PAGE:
Sociology Index

Middle Class

Middle class is placed in the middle of a social hierarchy. There have been several different approaches to defining the term middle class. In Karl Marx's analysis of class, the middle class is the petite bourgeoisie who are in small scale independent business or craft or who have special skills that provide an income outside the wage system of employed labour. The middle class can also be used statistically to define a group of individuals who occupy an intermediate position in a society's income strata. The school, for example, rests on the middle class values of reading and writing and the teachers are primarily middle class. In capitalism, "middle-class" was initially referred to as bourgeois class.

With the further differentiation of classes in the course of development of capitalist societies, the term came to be synonymous with the term petite bourgeoisie. The middle class are those individuals who orient themselves to the values and expectations they consider normative for average members of their society, which is also called middle class values. These are attempts to define the middle class objectively, by some standard of measurement.

Social theorists, and economists have defined the term "middle class" in order to serve political ends. There is ambiguity over the meaning of the term "middle class" in American usage. Sociologists such as Dennis Gilbert and Joseph Kahl see this American self-described "middle class" as the most populous class in the United States.

The term "middle class" is used as a self-description by those persons whom academics and Marxists would identify as the working class which are below both the upper class and the true middle class, but above those in poverty. Comfort is a key concept to the middle class.

Middle-class people work hard and live fairly comfortable lives. Upper-middle-class people tend to pursue careers that earn comfortable incomes. They provide their families with large homes and nice cars. They may go skiing or boating on vacation. Their children receive quality educations (Gilbert, 2010).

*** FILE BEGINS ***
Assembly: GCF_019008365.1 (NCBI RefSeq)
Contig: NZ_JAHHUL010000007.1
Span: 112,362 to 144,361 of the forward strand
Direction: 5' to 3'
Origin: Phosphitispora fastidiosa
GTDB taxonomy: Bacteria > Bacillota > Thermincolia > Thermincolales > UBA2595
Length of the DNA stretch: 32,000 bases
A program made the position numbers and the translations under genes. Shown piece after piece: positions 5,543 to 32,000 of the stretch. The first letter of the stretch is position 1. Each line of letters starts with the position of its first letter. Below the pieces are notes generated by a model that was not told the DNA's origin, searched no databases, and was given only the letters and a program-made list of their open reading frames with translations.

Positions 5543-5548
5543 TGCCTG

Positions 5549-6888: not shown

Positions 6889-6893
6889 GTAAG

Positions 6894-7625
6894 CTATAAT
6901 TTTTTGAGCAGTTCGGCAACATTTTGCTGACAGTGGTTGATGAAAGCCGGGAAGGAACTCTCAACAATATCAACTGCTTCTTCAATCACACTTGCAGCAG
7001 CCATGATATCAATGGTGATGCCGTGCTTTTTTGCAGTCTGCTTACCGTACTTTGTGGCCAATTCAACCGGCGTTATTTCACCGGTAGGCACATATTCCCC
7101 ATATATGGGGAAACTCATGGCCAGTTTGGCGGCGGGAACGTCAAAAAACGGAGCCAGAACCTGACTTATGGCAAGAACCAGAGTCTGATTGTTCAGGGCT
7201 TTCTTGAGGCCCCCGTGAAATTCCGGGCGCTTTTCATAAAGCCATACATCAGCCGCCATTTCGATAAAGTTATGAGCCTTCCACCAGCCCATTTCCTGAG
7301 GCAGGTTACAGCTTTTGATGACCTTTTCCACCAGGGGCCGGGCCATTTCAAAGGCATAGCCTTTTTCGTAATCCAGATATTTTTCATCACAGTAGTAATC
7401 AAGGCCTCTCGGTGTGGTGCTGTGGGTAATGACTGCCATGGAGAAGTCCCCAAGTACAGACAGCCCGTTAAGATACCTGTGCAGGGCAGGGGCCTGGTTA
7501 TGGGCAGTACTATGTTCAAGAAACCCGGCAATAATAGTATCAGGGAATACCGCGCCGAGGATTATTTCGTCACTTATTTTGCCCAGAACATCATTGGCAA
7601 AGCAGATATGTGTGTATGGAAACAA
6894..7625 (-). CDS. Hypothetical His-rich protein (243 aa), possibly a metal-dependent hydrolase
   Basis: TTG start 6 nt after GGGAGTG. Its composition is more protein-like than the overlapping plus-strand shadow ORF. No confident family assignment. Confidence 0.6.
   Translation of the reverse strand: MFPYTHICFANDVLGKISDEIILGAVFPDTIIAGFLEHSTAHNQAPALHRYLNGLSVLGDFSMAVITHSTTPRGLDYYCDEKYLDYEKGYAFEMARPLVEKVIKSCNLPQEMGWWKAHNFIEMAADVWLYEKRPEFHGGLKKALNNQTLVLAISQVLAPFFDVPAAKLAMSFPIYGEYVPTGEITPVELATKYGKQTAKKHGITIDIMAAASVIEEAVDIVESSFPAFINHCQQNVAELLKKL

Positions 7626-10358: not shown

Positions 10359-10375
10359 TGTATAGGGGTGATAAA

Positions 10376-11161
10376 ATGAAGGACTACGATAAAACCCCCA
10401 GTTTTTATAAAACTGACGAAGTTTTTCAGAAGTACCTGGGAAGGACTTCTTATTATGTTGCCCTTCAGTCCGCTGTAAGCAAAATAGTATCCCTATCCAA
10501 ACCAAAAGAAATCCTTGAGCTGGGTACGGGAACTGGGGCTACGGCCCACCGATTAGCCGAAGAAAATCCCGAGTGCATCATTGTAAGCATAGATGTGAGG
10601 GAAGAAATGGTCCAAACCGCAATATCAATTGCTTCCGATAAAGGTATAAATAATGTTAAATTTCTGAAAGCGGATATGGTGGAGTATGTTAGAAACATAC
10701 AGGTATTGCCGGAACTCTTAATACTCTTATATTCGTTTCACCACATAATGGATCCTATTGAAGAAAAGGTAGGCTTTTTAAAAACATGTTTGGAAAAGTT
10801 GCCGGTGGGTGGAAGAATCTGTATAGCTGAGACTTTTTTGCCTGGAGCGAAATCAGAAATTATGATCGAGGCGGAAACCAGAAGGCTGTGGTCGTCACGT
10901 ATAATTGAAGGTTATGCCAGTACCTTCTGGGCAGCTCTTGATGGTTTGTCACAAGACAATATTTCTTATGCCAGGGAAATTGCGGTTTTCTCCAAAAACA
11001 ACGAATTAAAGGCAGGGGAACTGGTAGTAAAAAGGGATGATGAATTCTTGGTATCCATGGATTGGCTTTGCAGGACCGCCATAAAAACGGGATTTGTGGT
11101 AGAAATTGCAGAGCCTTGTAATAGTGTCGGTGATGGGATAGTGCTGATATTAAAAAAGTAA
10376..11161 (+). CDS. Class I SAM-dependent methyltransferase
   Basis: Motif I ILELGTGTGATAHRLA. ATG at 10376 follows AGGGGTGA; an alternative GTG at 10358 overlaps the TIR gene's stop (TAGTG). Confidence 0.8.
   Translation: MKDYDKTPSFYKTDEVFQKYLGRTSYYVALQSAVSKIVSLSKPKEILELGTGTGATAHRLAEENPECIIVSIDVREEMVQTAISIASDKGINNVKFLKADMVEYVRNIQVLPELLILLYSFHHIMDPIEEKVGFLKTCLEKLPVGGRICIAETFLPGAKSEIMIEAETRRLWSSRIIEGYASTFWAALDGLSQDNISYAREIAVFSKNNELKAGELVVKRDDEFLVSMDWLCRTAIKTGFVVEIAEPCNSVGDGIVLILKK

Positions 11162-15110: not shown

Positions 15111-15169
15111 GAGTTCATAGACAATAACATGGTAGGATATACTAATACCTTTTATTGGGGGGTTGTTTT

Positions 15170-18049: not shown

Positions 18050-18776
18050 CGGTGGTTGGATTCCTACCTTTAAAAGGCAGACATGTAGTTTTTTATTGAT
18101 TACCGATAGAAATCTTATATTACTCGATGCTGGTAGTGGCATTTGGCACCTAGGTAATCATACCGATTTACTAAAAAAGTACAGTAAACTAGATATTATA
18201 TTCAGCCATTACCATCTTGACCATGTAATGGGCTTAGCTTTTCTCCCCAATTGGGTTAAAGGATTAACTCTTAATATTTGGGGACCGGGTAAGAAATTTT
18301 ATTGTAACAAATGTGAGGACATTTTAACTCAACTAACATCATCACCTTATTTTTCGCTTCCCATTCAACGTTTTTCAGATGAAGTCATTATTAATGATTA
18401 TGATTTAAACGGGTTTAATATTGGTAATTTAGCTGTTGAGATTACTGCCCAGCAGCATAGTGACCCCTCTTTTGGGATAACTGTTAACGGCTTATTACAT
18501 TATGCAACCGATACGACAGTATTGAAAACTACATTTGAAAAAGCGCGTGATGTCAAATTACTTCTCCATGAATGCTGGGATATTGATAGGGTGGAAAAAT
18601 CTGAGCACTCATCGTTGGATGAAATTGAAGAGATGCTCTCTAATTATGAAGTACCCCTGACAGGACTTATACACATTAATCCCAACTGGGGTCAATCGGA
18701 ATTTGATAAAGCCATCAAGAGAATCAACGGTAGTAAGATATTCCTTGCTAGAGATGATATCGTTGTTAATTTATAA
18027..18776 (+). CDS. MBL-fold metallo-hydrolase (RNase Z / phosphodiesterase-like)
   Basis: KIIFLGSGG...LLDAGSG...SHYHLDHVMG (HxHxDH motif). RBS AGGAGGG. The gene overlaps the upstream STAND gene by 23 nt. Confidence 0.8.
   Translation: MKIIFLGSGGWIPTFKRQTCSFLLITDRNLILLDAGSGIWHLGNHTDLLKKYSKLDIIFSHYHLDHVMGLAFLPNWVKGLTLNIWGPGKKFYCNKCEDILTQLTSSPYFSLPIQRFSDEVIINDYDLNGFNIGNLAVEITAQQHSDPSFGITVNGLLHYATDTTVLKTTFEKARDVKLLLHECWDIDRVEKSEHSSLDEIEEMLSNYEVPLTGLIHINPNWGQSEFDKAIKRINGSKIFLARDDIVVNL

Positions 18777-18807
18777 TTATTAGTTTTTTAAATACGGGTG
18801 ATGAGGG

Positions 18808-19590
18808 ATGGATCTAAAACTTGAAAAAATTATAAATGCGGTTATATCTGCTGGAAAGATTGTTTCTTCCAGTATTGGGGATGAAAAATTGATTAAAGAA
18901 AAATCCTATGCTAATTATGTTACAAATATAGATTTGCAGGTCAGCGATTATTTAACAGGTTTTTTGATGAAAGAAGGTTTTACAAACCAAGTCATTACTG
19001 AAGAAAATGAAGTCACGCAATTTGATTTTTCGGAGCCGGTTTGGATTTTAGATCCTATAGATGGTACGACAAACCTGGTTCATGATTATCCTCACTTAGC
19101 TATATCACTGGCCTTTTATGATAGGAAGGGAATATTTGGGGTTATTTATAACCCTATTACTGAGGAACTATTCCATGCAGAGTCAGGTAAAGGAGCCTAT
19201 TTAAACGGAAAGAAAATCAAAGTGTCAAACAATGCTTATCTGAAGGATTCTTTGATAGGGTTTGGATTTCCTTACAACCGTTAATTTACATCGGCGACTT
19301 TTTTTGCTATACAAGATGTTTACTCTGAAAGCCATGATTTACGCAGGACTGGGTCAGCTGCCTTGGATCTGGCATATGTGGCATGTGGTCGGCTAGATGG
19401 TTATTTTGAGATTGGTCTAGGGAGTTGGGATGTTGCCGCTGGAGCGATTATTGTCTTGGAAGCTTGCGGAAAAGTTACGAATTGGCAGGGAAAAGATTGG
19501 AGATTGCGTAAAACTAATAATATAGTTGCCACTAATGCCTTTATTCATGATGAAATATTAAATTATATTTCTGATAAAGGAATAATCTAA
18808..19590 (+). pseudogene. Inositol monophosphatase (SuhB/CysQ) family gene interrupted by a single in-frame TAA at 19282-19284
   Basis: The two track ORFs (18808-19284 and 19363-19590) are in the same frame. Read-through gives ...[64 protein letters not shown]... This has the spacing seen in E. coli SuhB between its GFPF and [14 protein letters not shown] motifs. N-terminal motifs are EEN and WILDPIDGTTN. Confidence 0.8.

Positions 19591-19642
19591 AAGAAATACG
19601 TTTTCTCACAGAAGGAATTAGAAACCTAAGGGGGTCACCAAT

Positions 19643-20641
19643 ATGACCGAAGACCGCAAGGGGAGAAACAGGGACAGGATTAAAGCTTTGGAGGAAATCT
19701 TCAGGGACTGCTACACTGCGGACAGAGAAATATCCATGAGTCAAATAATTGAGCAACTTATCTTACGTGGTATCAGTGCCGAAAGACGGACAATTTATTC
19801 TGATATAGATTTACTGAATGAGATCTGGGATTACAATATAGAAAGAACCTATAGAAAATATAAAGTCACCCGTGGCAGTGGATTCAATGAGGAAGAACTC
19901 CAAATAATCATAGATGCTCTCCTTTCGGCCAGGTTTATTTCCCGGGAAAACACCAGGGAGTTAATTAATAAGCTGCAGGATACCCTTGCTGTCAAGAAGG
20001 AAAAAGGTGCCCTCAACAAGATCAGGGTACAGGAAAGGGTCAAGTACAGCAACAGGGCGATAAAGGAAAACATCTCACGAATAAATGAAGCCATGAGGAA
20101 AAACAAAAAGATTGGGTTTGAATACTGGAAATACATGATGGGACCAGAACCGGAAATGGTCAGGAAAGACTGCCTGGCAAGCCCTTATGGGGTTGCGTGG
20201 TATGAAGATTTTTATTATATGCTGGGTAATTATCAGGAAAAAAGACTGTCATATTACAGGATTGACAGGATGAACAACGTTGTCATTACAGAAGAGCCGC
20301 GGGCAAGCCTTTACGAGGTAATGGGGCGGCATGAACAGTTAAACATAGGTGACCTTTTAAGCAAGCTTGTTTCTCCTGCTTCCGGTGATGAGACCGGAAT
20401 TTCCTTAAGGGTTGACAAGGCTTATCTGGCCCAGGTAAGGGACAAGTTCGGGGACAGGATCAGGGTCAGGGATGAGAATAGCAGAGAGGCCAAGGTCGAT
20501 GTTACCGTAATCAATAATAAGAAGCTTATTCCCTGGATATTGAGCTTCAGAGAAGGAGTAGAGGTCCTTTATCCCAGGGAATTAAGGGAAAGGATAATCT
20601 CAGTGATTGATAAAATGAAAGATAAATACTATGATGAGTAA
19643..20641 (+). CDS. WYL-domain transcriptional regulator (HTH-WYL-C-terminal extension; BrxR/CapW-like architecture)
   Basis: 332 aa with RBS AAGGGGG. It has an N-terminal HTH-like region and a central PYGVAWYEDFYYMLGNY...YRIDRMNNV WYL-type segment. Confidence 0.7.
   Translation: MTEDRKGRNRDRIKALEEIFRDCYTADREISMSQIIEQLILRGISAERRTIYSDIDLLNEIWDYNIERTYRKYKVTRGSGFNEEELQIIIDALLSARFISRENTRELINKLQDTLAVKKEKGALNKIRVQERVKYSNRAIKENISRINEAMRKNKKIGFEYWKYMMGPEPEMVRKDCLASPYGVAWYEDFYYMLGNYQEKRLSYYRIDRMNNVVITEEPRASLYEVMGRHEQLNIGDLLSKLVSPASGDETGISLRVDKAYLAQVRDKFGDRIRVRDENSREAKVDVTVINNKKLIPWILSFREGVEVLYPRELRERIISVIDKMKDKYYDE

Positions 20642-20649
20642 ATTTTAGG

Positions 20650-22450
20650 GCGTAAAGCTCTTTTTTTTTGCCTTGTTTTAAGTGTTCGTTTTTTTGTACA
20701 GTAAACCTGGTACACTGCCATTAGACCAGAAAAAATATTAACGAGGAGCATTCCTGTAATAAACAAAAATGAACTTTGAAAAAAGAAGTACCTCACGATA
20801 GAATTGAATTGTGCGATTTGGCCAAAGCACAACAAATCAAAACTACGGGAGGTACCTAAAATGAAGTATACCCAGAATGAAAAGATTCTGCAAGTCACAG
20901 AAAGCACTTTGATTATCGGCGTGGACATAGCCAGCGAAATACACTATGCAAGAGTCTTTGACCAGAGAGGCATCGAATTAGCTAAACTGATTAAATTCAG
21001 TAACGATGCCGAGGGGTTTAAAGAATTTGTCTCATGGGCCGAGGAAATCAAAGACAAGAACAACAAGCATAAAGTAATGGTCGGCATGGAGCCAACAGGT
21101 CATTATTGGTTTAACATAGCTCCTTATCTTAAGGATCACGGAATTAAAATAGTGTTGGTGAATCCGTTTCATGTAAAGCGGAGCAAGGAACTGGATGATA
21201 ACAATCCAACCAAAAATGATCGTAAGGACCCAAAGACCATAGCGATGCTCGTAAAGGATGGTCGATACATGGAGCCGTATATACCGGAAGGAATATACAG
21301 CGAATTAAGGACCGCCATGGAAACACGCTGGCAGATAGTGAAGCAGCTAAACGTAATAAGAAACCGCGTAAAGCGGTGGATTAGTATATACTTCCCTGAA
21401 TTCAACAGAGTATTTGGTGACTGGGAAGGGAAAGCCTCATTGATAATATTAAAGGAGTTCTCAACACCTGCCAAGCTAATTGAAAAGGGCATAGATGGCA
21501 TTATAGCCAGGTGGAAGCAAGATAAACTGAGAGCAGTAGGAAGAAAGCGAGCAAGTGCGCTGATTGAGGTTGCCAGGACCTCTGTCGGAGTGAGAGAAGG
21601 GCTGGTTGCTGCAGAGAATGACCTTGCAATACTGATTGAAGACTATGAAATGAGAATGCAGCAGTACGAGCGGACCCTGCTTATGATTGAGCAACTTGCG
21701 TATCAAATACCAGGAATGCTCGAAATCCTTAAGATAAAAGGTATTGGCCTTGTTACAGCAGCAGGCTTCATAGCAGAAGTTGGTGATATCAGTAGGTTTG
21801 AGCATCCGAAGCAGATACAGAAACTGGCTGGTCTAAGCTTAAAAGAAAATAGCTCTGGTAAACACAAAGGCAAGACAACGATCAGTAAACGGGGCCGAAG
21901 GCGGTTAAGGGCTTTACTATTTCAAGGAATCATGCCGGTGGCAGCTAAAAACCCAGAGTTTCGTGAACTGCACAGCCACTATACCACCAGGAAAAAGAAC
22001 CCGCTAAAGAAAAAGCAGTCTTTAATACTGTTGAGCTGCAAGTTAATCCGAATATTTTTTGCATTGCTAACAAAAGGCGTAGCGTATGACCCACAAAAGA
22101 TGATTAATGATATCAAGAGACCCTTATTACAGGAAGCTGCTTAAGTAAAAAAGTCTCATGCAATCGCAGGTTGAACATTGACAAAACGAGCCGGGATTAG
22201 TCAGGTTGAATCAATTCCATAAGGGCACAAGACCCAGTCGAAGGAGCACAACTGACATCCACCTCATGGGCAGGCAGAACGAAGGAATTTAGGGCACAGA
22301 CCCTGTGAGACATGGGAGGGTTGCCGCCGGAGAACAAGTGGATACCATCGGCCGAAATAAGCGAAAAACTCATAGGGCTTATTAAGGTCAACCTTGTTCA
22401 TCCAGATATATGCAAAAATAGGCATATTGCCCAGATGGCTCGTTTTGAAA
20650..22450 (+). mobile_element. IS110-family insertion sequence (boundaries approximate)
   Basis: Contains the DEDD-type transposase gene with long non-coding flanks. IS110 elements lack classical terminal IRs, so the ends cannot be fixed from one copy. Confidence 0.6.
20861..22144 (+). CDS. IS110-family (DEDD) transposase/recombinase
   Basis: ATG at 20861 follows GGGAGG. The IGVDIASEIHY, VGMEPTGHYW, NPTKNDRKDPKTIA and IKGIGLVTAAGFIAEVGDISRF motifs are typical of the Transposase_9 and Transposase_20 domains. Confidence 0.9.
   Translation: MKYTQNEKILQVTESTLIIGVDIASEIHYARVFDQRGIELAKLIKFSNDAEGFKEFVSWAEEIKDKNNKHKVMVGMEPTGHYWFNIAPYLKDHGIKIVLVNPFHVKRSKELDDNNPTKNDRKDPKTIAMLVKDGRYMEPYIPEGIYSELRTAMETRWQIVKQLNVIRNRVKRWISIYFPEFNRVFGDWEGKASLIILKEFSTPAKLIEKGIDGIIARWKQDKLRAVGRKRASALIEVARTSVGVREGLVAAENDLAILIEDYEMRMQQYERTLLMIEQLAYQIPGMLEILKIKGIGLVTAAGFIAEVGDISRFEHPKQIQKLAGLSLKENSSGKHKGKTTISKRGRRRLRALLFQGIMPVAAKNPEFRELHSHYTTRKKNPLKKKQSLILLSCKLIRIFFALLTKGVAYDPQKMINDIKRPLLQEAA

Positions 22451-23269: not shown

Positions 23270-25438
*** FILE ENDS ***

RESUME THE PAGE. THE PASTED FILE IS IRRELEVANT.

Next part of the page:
A phrase "middle-class measuring rod" suggesting that children and young people from the lower class often find themselves in situations in which they are measured against middle class standards. The "middle-class measuring rod" is applied to all children in American society, but some reject it. Many working-class boys are inadequately prepared for either the educational demands or the discipline of formal education. As a result they perform poorly, and are evaluated accordingly, in terms of the "middle-class measuring rod" found in elementary and secondary schools.

Many people call themselves middle class, but there are differing ideas about what that means. People with annual incomes above $150,000 call themselves middle class, as do people who annually earn just $30,000. That is the reason why some sociologists divide the middle class into upper middle class and lower middle class subcategories. These divisions are based on gradations of status defined by levels of education, types of work, cultural capital, and the lifestyles afforded by income.

Upper-middle-class people tend to hold bachelor’s and postgraduate degrees in subjects such as business, management, law, or medicine that lead to occupations in the professions. Lower-middle-class members hold bachelor’s degrees or associate’s degrees from two-year community or technical colleges that lead to various types of white collar, service, administrative, or paraprofessional occupations.

In the lower middle class, people hold jobs supervised by members of the upper middle class. They fill technical, lower-level management or administrative support positions. Compared to traditional working-class work, lower-middle-class jobs carry more prestige and come with slightly higher paycheques.